Pimped Out Dress: Real Life
Pimped Out Dresses
A fitting pretty
gown for a Queen of France.
in Real Life
- A bunch of Real Life examples can be seen in this set of pics.
- Indie clothing designer Skin.Graft has copious amounts of fancy (and Goth) as one of its hooks. Just check out their wedding gowns.
- Just about any coronation dress by default, men and women.
- In Britain, even the peers and peeresses are required to wear ermine trimmed robes and dresses for the coronation. One of the more notable of these is worn◊ by Consuelo Vanderbilt◊. Notable due to her being part of that famous Gilded Age family.
- Also, courts such as Versailles, and the British court until recently, practically required such dresses.
- Speaking of the Gilded Age, this trope probably accounted for a third of the reason it's called that.
- Marie Antoinette usually followed this trope, since her position required she wear the best dresses, but she once caused an uproar for wearing a dress in a painting that was actually simple◊. It's essentially like seeing the Queen Elizabeth II wearing only her underwear for a royal photo.
- This comparison is made more serious when you know that muslin really was used for underwear. Another problem is muslin was an extremely cheap fabric, and French Royals of this period were definitely known for conspicuous consumption.
- The previous queen, Marie Leszczynska (Louis XV's wife) also had several dresses that can be seen in her portraits. One is a this◊ bejeweled ermine dress and cape with Fleur de Lis, that likely inspired Antoinette's similar dresses in Rose of Versailles. But that's just one of many dresses she wore for portraits. One of her simpler ones was a blue dress with lace trimmings and a lace stomacher, and an ermine petticoat. Her most common dress decorations were fur, lace, embroidery, and brocade.
- The website Go Fug Yourself shows when this phenomenon goes too far.
- Queen Elizabeth I. reputedly owned over 2,000 dresses, lavishly embroidered with gold, jewels, and silken embroidery, besides the double sleeves, three kinds of ruffs, farthingales and petticoats, veils, ermine trimmings, and crowns and tiaras. 'Tis goode to be Ye Queene.
- One of her most famous dresses, depicted in the Rainbow Portrait◊, is crammed not only with gorgeous details but gorgeous symbolism. Highlights include both Ancient Greek and Biblical references, as well as a motif of eyes and ears conveying how no part of the kingdom was hidden from her.
- Her older sister, Mary, wore some very fancy dresses as well, particularly a black velvet dress◊ with puff sleeves, frilled collar and cuffs, Gem-Encrusted belt, decorated underdress, and the overdress is trimmed with white ermine.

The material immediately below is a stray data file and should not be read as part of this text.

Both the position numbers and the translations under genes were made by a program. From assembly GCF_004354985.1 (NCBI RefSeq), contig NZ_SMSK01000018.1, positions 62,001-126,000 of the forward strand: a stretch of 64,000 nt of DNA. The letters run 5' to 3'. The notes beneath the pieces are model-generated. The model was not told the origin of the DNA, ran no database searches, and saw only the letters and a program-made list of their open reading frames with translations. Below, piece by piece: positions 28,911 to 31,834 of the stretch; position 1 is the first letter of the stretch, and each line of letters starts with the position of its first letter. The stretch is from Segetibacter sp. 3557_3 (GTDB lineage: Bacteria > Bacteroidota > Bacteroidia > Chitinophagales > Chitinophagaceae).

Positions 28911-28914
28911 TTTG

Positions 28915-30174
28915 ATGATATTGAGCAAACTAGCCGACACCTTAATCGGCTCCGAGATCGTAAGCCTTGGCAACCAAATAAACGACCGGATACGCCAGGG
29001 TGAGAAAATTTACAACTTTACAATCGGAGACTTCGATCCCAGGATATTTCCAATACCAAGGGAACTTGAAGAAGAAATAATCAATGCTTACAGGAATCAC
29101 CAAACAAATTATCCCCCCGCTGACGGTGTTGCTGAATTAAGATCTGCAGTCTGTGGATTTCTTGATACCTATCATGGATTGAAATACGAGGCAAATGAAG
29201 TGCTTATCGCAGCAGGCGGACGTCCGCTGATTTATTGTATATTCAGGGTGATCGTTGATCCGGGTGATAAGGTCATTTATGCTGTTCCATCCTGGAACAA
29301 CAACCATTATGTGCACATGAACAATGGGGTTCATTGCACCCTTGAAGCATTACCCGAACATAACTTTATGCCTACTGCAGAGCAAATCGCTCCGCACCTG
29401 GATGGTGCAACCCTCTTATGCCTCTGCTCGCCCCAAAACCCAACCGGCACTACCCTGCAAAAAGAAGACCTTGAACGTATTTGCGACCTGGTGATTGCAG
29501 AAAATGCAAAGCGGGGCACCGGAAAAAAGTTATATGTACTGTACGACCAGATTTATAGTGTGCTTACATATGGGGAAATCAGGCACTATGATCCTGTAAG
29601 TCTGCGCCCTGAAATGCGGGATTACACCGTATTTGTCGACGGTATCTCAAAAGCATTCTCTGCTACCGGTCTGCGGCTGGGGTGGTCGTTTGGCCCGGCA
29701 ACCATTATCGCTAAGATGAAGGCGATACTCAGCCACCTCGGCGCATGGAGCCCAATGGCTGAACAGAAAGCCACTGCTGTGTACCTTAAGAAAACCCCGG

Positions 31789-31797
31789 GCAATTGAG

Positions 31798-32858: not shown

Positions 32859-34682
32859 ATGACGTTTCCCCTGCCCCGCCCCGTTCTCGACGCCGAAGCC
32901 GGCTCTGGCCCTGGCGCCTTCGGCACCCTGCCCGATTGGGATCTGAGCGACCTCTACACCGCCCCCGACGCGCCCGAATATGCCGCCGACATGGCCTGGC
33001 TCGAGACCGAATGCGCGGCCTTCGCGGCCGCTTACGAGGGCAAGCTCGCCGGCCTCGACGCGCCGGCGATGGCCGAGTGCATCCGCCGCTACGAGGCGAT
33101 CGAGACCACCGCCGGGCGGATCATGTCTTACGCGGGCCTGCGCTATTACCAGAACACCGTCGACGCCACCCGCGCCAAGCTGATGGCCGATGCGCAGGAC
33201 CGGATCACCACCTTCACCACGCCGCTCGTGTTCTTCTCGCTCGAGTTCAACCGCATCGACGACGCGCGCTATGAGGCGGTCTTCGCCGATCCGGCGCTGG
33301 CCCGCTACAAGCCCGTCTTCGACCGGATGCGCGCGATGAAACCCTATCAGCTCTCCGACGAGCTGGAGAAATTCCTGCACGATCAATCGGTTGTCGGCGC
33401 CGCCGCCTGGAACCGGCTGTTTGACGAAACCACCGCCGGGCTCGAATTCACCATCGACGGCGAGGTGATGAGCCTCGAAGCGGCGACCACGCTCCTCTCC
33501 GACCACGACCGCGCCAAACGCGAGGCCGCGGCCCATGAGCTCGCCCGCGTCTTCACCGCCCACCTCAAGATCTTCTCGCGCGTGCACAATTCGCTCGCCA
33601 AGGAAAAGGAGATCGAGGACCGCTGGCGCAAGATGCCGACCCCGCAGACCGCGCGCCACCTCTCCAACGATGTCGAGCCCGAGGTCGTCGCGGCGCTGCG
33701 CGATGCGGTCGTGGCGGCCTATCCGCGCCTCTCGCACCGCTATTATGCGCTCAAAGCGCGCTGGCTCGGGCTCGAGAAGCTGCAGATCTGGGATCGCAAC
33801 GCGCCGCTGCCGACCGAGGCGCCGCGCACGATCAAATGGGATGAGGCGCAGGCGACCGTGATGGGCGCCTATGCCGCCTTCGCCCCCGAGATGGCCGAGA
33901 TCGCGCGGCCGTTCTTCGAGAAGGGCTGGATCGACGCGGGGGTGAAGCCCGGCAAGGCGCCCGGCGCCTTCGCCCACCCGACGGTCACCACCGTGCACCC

- The Pope's vestments throughout history are often this, as are some Cardinal robes.
- Dresses in competitive ballroom dance are almost always this.
- For a few centuries, it used to be the fashion for boys up to around five to wear dresses like their sisters, and some could still be quite elaborate. Take this portrait◊ of a prince of France in the mid 18th century, wearing a blue dress trimmed with black sable fur (and matching hat with blue feathers). It's like a miniature version of a dress worn by his mother◊ and then his sister.
- Diane Kruger has worn a number of dresses by Karl Lagerfeld.
- Tsarist Russia actually had a Dress Code to help make their dresses distinct from the rest of Europe's aristocracy. This included the distinctive hanging sleeves, an overskirt with a long train, and the Russian-style tiara.
- Eve Torres, at awards ceremonies, and once won a match in an evening dress.
- The pink dress that Angie Harmon wore to the 2011 Screen Actors Guild Awards had a feather neckline and feather skirt. Also the designer based it off an earlier wedding dress she made.
- Marion Davies wore several dresses for her movies and for publicity. Some include:
- 20th century fashions like:
- Most "red-carpet" events, but especially the Academy Awards. Halle Berry's 2002 dress (featuring a velve skirt and elaborately embroidered flower pattern on the bodice) is a prime example. Several times a year, "Best Dressed" (and often, Worst Dressed) lists appear, with galleries of pimped-out dresses.